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Why does a brand new 32 GB SanDisk show 1.2 GB is used?

Why does a brand new 32 GB SanDisk show 12/31/79 as creation date AND upon 2nd insertion, 1.2 GB's used? I have loaded NOTHING on it! 1st insertion was offline @ 7:02 pm 9/13/2020. Creation date showed 12/31/79(!); Modified date, 9/13/2020. I ejected and 18 minutes later (after being online for 10 minutes), again disconnected from internet and inserted disk. That's when it changed the modified date also to 12/31/79 w/a time of 7:20 AND indicated 1.2 GB's used. I had not copied ANY files onto the disk. What's causing this? What files could possibly be on it? (None are showing....). Thank you!

Best Answered by

iBoysoft author Ciki Liu

Ciki Liu

Answered on Monday, February 19, 2024

 

When you purchase a brand-new USB drive, there might be some testing data and third-party utilities installed by the manufacturer on it. That's why it shows certain space has been used even if you haven't uploaded anything on it. Oftentimes, it's advised to format a new drive before putting it to use.

How to format a USB flash drive on Mac:

Since you don't even start to upload anything to the drive, there's no need to worry about data loss when formatting the USB drive. The only thing you need to consider is which file system works the best in your case.

If you plan to use the flash drive on Mac only:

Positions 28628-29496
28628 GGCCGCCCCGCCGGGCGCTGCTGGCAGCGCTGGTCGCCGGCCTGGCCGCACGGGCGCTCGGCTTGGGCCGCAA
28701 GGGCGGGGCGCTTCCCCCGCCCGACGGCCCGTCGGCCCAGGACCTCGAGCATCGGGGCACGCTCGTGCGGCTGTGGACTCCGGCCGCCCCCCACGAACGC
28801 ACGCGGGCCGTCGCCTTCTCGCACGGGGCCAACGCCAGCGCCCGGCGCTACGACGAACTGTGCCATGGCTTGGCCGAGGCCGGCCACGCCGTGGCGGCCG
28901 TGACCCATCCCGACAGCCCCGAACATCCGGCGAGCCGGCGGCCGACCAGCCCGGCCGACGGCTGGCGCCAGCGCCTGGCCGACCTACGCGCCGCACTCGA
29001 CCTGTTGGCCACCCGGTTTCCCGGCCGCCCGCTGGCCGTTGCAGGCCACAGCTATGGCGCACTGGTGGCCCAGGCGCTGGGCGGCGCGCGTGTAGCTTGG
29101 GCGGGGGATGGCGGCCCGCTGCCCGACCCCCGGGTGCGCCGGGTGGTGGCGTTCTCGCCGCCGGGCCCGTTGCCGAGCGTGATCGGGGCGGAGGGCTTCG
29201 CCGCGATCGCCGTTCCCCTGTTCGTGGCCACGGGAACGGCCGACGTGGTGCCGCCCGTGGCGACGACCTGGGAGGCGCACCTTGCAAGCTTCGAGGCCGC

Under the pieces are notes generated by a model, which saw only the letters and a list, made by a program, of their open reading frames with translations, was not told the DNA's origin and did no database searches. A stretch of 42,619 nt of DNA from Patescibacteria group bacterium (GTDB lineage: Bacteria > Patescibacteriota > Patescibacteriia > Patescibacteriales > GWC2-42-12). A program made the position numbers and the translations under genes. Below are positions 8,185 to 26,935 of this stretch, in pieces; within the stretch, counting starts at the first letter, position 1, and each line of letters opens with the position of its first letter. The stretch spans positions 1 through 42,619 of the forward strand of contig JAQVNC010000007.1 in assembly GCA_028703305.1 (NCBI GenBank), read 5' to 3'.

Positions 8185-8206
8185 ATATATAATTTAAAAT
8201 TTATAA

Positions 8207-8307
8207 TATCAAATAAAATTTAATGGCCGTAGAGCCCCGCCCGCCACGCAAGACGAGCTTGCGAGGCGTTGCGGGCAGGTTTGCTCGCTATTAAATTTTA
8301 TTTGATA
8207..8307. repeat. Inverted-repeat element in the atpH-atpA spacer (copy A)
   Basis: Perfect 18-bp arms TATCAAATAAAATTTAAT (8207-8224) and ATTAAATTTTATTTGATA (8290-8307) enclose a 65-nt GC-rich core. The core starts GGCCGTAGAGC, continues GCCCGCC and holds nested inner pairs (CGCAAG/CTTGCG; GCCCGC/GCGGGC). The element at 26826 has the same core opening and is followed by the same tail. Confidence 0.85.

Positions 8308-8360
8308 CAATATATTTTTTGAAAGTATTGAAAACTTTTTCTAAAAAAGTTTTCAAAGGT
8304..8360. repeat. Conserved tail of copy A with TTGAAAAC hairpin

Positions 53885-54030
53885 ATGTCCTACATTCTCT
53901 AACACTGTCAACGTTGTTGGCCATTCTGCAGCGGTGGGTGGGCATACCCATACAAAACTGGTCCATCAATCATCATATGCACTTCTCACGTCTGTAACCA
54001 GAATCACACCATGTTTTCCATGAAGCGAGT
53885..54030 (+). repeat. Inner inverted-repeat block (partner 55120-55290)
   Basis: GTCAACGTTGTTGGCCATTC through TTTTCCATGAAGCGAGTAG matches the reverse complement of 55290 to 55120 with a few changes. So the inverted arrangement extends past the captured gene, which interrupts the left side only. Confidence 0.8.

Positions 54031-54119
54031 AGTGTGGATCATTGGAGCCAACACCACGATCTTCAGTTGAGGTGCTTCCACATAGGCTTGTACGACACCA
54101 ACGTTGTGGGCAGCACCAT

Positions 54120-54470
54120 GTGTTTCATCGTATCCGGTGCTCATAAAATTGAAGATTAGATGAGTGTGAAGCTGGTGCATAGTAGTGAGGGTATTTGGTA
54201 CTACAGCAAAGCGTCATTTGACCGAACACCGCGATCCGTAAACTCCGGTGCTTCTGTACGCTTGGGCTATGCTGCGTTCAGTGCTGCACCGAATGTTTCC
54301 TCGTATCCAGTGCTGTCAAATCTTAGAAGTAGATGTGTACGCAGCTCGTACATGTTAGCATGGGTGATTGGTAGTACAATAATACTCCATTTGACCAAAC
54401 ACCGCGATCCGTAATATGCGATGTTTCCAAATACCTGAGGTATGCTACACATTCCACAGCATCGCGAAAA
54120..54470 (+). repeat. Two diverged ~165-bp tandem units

Apple offers two native file systems that you can choose from, APFS and Mac OS Extended (HFS+). While APFS comes with macOS 10.13 and later, HFS + is supported in older versions starting from Mac OS 8.1. Another difference is that APFS works better on SSDs and flash storages while HFS+ shows better performance on HDDs.

If you plan to use the flash drive on both Mac and Windows:

While some file systems share a limited compatibility on cross-platforms, for example, NTFS drives are read-only on macOS, exFAT and FAT32 are well-known for the rich support in multiple operating systems. You can enjoy full read-write access to exFAT- or FAT32-formatted drives on both Windows and Mac.

Once you've made up your mind which file system to opt for, follow the tutorial below to format a USB drive on Mac.

Step 1. Tightly connect your USB drive to your Mac. Depending on your Mac version, use a USB port adapter if necessary.

Step 2. Scroll down and launch Disk Utility via Finder > Application > Utilities.

Step 3. Select your flash drive from the left list. Then click on Erase on the top menu bar.

Step 4. Fill in the disk name, assign a file system, and keep the scheme as GUID.

Step 5. Click on Erase again to confirm the action. Quit Disk Utility after finishing the process.

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